The present invention provides an instrument for gripping tissue that includes a "flex jaw" feature for applying engaging pressure on tissue uniformly over the jaw working ends regardless of the thickness of the engaged tissue. The present invention also provides an instrument in which the jaw working faces apply engaging pressure on tissue by utilizing a first pivot for rotating the jaw arms and a second pivot for rotating the jaw working faces.
Additional advantages and features of the invention appear in the following description in which several embodiments are set forth.
FIG. 1 is an elevational view of the instrument of the present invention.
FIG. 2 is an exploded isometric view of an assembly of the instrument of FIG. 1 taken along line 2--2 of FIG. 1 rotated 90°.
FIG. 3A is a longitudinal partial sectional view of the assembly of FIG. 2 taken along line 3A--3A of FIG. 2 in a certain position.
FIG. 3B is a transverse sectional view of the assembly of FIG. 3A taken along line 3B--3B of FIG. 3A.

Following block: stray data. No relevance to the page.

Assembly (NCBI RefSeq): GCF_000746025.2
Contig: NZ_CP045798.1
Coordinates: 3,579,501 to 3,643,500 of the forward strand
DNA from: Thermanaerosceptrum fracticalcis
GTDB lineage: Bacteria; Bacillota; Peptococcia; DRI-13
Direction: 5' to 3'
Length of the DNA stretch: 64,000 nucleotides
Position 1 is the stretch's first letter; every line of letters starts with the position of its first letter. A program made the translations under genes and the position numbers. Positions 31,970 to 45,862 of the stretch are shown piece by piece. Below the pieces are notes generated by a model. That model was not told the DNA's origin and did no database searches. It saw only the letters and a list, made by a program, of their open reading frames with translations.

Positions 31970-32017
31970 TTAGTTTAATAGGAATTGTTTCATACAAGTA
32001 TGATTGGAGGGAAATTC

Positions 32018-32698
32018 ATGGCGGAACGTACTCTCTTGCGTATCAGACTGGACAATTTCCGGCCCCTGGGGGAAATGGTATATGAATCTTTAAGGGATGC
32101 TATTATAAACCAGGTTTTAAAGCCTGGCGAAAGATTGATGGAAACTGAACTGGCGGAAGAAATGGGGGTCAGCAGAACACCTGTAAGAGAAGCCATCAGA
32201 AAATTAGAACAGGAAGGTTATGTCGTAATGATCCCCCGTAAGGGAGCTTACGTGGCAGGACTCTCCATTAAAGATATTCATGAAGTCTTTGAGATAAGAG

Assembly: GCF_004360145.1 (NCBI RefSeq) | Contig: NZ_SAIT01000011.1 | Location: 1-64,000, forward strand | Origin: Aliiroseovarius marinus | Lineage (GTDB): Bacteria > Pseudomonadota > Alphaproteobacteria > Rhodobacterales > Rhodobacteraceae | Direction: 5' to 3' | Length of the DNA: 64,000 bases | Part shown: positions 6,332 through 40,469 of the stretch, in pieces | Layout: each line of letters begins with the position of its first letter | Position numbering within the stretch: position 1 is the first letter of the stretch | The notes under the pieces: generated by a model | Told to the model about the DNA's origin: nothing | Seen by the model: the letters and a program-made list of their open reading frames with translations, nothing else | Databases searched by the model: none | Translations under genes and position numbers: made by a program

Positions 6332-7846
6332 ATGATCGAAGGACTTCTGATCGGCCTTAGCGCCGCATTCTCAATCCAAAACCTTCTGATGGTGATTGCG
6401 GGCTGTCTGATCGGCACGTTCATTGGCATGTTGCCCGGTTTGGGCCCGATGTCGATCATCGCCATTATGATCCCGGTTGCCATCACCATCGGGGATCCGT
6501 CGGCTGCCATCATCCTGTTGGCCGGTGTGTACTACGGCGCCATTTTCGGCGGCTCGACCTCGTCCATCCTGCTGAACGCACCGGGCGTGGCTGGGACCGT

FIG. 4A is a longitudinal partial sectional view of the assembly of FIG. 2 taken along line 3A--3A of FIG. 2 in an alternative position.
FIG. 4B is a transverse sectional view of the assembly of FIG. 4A taken along line 4B--4B of FIG. 4A.
FIG. 5A is a longitudinal partial sectional view of the assembly of FIG. 2 taken along line 3A--3A of FIG. 2 in an alternative position.
FIG. 5B is a transverse sectional view of the assembly of FIG. 5A taken along line 5B--5B of FIG. 5A.
FIG. 6A is a longitudinal partial sectional view of the assembly of FIG. 2 taken along line 3A--3A of FIG. 2 in an alternative position.
FIG. 6B is a transverse sectional view of the assembly of FIG. 6A taken along line 6B--6B of FIG. 6A rotated 90°.
FIGS. 7-8 are longitudinal sectional views illustrating a component part of the subassembly of FIG. 2 taken along line 7--7 of FIG. 2 in alternative positions.
FIG. 9 is a longitudinal partial sectional view of a second embodiment of gripping assembly similar to the views of FIGS. 4A-6A.
FIG. 10 is a longitudinal partial sectional view of the assembly of FIG. 9 in another position.
FIG. 11 is a longitudinal partial sectional view of the assembly of FIG. 9 in yet another position.